A transient problem is one that asks you to find voltage (or current) vs. time. It also includes some instant event: a switch opens or closes, the power supply turns on, a part is suddenly pulled out the circuit, a fuse blows. Your answer can either be a formula for v(t) or i(t) or it might be a graph of v or i on the vertical axis and time on the horizontal axis.

First-order problems have only one energy storage element (either a capacitor or inductor, but not both). Note that two capacitors in parallel or series only count as one capacitor because you can find the equivalent capacitance (same with inductors).

- Find the inital condition (t=0+)
- Find the current for each inductor just before the switch is flipped (t=0-). Current through an inductor will remain the same for the instant just after the switch is flipped.
- Find the voltage over each capacitor just before the switch is flipped (t=0-). Voltage over a capacitor will remain the same the instant just after the switch is flipped.
- In order to find the currents and voltages suggested above, first determine if you are given the values in the problem or you have a formula for the current/voltage from a previous step. If you are not given any other method for finding the current/voltage, then you can usually assume that steady-state conditions exist up to the time the switch is flipped. This will simply the circuit considerably, since inductors look like shorts and capacitors look like opens in steady-state.
- Once you have the currents through each inductor and the voltage over any capacitors for the time just before the switch is flipped, then draw the circuit for just after the switch is flipped (t=0+). Each inductor will look like a current source (at its initial current), and each capacitor will look like a voltage source (at its initial current). Note that if the initial current on an inductor is 0 amps, then it will look like an open for that instant, and if the initial voltage on a capacitor is 0 volts, then it will look like a short for that instant. If your variable of interest is not the cap voltage or the inductor current, then use your normal circuit analysis techniques to find the variable of interest at the initial instant after the switch is flipped.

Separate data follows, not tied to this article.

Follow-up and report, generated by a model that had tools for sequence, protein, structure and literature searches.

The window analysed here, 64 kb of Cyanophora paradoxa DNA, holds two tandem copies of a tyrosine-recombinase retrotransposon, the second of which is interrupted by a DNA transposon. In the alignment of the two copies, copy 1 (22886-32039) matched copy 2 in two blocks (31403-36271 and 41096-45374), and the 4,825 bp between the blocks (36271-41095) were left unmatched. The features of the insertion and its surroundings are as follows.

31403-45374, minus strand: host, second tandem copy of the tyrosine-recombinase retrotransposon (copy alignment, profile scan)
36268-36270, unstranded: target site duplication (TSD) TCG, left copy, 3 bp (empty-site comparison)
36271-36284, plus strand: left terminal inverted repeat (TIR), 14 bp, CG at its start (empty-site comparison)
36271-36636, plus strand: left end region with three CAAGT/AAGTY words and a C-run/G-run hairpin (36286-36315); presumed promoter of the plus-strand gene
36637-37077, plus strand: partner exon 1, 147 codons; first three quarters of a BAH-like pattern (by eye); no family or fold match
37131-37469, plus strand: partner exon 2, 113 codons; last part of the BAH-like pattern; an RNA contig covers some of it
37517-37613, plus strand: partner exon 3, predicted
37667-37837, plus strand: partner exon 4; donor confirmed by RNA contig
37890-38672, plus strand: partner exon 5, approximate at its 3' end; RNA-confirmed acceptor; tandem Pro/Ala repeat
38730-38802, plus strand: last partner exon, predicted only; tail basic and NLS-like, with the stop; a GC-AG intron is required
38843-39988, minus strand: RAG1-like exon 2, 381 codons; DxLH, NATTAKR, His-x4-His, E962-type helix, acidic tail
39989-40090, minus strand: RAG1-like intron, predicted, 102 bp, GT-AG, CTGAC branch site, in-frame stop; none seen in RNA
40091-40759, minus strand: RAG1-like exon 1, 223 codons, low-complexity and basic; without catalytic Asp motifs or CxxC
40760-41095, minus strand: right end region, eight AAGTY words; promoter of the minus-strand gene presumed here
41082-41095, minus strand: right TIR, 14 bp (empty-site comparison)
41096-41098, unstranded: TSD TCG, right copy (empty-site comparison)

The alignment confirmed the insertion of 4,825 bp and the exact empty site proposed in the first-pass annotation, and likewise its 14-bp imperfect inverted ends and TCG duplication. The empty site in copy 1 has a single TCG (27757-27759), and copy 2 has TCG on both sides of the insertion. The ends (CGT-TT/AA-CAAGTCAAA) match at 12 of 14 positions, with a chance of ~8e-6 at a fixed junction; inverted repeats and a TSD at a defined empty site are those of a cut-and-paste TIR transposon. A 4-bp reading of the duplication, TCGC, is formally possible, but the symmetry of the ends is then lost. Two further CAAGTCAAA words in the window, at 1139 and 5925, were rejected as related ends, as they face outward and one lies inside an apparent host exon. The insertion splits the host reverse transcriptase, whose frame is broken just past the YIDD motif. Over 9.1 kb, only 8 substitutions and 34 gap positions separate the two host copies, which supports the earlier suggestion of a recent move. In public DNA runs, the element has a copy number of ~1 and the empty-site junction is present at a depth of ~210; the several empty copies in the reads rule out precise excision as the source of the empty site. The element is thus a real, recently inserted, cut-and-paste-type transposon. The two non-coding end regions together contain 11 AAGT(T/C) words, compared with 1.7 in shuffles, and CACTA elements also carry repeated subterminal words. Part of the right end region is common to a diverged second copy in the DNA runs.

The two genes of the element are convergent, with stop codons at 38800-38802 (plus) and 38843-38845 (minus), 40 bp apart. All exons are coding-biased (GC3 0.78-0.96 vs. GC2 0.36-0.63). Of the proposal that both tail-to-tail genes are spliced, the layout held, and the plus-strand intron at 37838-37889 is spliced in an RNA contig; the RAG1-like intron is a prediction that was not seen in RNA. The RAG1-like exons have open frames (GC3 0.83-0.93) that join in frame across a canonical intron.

- Find the final condition (t=infinity)
- A long time after the switch is flipped, the inductors will look like shorts and the capacitors will look like opens. Find the variable of interest (voltage/current) for that simplified circuit.

- Find the time constant for the time between initial and final conditions
( 0 <= t <= infinity)
- The time constant for a circuit with a single capacitor is RC, where R is the Thevenin Resistance seen by the capacitor after the switch has flipped. The time constant for a circuit with a single inductor is L/R where R is the Thevenin Resistance seen by the inductor after the switch has flipped.
- For a circuit with more than one (equivalent) capacitor and/or inductor does not have a simple exponential response, but the time constant is still part of the generalized second order response. For a circuit with energy storage elements in series, the time constant is L/R, and for a parallel combination the time constant is RC. In both cases, R is the Thevenin Resistance seen by the energy storage elements.